All we have said is dependent on a situation where you are moving out voluntarily rather than a situation where you are forced to leave because the apartment has become a living hell. If you are breaking your lease early because there is a serious problem with the apartment like bed bugs, mold, lead pain or construction noise, then you may have a case for construction eviction and claim the landlord has defaulted to uphold the warranty habitability. And if the landlord refuses to correct these issues, it can constitute harassment. In cases like this, there is a specific provision in the law that enables the tenant to claim legal fees.
To claim constructive eviction, the tenant must first of all move out but if you are wrong you have to pay the rent so before you move you have make sure you are right. The best thing to do is call 311 and have the Department of Buildings and the Housing Preservation and Development come in to examine the apartment, if they issue violation, then you have proof of conditions. You can also find out yourself on the Department of Building website if the building has any violations, if there are issues with the facade of the building, if the apartment has been illegally deregulated, if the certificate of occupancy matches the use of the building, or if there are problems with the efficiency of the boiler.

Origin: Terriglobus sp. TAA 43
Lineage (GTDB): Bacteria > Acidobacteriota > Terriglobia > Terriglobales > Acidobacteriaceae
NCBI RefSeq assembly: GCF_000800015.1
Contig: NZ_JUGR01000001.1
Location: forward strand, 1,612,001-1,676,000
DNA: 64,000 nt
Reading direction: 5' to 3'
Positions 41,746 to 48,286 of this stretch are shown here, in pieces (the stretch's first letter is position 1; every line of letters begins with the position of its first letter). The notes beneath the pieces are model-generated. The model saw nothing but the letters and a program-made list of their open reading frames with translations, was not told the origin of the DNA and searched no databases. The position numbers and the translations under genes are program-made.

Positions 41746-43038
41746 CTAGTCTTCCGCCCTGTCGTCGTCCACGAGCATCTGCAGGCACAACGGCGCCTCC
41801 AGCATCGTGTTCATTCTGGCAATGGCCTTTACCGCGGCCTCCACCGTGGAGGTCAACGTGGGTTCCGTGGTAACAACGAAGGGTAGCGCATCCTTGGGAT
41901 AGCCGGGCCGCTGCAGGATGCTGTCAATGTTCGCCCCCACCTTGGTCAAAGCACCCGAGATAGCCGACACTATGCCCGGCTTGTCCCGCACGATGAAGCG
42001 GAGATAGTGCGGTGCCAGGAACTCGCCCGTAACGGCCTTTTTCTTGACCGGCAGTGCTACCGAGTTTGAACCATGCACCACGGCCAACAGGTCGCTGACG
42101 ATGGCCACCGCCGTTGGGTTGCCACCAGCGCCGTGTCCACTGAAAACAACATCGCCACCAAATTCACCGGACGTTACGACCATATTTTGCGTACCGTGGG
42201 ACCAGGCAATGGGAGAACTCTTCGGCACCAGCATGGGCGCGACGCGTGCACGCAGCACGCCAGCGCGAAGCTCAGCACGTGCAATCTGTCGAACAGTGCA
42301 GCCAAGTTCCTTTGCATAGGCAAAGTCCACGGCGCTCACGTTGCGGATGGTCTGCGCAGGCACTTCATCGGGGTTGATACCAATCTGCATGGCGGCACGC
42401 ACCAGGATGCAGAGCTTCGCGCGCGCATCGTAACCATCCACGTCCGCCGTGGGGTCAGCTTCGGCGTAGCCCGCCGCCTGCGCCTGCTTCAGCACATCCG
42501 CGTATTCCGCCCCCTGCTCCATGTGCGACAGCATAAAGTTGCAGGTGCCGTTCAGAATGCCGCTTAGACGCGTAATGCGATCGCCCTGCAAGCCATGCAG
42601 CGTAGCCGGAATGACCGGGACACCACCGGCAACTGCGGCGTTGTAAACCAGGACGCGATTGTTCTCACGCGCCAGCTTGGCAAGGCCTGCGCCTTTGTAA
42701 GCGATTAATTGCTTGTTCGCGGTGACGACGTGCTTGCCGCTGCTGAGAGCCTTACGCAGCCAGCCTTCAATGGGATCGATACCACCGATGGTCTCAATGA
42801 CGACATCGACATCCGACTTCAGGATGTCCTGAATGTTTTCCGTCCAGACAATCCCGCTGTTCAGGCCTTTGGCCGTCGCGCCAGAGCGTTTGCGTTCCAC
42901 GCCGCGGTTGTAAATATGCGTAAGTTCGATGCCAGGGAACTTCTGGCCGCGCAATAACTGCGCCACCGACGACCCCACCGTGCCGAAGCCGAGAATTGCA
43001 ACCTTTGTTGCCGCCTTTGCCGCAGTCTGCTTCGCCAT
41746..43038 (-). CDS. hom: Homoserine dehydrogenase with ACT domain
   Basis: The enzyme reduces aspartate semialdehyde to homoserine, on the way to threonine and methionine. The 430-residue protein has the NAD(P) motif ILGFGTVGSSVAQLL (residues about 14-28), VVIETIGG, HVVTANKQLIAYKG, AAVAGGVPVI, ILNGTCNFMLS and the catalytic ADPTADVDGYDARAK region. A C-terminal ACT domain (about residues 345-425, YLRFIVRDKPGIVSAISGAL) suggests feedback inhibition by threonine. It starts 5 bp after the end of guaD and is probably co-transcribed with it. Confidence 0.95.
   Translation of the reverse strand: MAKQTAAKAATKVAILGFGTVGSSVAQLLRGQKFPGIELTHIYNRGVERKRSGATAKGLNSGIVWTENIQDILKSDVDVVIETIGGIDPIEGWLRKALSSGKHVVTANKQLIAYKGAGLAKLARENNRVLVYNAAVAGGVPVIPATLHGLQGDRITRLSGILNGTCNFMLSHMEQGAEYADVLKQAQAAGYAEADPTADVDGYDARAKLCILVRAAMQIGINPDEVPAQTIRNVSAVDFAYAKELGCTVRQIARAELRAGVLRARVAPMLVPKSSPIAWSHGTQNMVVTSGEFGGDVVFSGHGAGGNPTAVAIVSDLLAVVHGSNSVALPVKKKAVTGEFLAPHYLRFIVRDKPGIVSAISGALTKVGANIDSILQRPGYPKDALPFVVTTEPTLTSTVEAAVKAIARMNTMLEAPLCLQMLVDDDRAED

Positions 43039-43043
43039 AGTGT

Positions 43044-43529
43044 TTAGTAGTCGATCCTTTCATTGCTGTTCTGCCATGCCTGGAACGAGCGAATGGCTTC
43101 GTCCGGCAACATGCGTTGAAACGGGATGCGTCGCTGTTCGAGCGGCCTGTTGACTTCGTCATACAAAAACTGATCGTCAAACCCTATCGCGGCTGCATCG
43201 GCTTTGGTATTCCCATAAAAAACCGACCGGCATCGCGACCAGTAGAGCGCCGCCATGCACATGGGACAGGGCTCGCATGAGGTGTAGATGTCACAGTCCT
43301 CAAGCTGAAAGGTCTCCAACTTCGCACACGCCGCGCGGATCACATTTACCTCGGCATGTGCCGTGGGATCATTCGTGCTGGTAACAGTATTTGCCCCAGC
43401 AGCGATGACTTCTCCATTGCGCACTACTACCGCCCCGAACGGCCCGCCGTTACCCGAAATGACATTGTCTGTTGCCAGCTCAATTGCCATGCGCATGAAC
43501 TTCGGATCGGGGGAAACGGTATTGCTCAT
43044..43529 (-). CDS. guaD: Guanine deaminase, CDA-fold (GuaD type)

You can take picture, send letter to the landlord, and call in experts to confirm the existence of issues like molds, bed bugs, asbestos or secondhand smoke in the apartment. These alone may be enough to pressure the landlord to let you out of the lease.